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BMW Has Made A Giant Hexacopter Powered By Hydrogen Fuel-Cells

BMW has partnered with Alaka'i Technologies to bring us a hydrogen-powered flying taxi.

Skai

BMW has helped make an enormous 6-rotor drone-like flying machine that’s powered entirely by hydrogen fuel cells.

Look, cars are great and all, but there are too many cars and not enough roads, and what few roads we have are being overloaded by too many cars and aren’t being replaced by cash-strapped governments. The only solution is to take the sky like it’s the 1930s all over again.

At least, that’s what BMW plans to do with the help of Alaka'i Technologies, a private company based in Massachusetts. Their flying taxi was just unveiled last Wednesday at a private event in Los Angeles, a place that is no stranger to horrible gridlock.

They call it “Skai.” For obvious reasons.

Skai’s selling point is threefold. First, it's clean. Using just hydrogen as fuel, Skai’s only emissions are oxygen and water, two things we could all do with a little bit more of. Each of Skai’s 6 rotors has its own hydrogen fuel cell providing power, and it can fly even if one of those motors breaks.

RELATED: Road Congestion May Speed Up Arrival Of Flying Cars

Second is simplicity. There’s a single seat for the pilot, but this isn’t like a regular helicopter. The controls are like something you’d find in an arcade machine, and that’s only if a human even plans to use it. Alaka'i expects the bulk of the flying to be done entirely by computers by autopilot.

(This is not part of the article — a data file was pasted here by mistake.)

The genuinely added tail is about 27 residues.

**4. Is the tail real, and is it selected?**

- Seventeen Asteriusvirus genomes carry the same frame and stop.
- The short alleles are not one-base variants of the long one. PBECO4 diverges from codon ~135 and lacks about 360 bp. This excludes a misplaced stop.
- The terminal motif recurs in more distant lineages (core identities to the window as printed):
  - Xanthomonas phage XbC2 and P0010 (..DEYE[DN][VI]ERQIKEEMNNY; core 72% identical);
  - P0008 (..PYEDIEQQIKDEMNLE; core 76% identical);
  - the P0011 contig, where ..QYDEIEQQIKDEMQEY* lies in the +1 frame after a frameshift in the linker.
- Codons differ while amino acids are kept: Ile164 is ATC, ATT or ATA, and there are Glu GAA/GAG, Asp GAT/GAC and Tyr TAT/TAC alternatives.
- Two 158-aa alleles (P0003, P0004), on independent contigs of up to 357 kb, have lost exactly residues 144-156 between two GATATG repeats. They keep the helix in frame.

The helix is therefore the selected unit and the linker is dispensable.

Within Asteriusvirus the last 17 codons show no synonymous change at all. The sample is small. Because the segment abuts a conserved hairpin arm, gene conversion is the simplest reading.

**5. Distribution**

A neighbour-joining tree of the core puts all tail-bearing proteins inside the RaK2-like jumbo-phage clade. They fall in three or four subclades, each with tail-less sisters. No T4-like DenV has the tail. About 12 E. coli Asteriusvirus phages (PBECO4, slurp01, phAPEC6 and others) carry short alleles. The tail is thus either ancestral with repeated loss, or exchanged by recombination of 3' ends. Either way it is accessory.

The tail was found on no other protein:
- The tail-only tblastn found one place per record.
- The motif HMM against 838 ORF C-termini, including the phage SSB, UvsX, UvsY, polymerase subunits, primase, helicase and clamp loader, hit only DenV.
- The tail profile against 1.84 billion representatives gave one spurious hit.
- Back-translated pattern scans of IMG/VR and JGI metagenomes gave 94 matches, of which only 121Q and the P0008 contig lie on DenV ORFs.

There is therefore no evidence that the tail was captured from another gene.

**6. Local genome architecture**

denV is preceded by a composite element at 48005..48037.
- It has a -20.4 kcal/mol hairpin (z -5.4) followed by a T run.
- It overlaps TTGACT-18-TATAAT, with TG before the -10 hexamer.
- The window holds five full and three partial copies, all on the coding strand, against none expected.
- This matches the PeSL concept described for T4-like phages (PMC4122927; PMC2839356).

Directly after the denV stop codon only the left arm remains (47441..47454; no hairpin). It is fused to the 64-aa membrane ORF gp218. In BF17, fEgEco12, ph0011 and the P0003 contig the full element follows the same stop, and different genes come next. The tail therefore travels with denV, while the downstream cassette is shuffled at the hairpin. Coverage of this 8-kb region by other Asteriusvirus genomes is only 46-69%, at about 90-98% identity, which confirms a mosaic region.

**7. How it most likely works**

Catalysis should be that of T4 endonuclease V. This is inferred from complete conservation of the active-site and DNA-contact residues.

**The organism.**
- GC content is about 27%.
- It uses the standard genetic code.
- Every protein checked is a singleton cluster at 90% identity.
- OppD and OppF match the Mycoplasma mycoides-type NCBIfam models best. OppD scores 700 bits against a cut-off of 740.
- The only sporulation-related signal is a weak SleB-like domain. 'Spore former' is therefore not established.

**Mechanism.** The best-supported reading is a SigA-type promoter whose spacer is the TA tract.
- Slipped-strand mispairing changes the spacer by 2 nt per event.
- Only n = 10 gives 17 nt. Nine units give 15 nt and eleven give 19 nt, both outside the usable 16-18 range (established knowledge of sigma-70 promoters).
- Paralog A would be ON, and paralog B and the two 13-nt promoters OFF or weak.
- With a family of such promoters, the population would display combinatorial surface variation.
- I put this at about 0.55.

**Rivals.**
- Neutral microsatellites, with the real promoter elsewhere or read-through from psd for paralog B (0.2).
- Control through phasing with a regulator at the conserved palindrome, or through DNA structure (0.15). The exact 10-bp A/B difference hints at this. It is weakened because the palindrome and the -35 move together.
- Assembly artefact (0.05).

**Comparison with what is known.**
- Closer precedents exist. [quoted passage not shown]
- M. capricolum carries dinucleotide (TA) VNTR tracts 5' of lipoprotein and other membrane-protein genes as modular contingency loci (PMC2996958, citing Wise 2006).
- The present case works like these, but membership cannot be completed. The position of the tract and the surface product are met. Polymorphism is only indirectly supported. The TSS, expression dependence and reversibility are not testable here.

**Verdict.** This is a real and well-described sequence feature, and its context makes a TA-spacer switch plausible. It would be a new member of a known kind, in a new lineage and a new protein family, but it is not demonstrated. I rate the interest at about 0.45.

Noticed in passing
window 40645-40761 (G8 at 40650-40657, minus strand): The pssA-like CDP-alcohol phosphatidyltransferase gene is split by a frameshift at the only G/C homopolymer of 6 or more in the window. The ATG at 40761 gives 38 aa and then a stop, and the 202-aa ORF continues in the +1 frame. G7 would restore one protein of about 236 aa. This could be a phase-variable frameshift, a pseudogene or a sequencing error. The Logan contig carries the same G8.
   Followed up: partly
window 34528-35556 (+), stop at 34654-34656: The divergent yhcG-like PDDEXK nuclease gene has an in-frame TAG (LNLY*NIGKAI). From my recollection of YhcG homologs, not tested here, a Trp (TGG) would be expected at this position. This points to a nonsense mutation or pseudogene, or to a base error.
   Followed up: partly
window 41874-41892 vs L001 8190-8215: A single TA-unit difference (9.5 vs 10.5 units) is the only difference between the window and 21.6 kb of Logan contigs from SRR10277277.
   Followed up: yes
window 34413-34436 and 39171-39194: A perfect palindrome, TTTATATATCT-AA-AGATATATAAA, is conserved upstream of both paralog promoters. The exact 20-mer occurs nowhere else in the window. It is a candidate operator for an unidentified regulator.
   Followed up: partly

Third, it’s cheap. The final expected price of Skai is around the cost of a luxury car, which might sound expensive, but in the world of aviation, a $60,000 plane is about as cheap as it gets.

Skai’s design takes the passenger experience very seriously. The 5 seats are arranged in a V so that everyone has a great view thanks to the floor-to-ceiling windows. The rotors are also swept in such a way as to not block anyone’s sightlines. If you’re afraid of heights, 5G wifi provides ample distraction on your personal device.

The first Skai is expected in 2021 after receiving FAA approval in late 2020. Range is just 300 miles, but these are designed for short urban hops and not cross-country travel. That said, don’t expect these things to be as cheap as an Uber ride.

(via Reuters)

NEXT: Audi's Self-Driving Flying Taxi Lands Its First Successful Test

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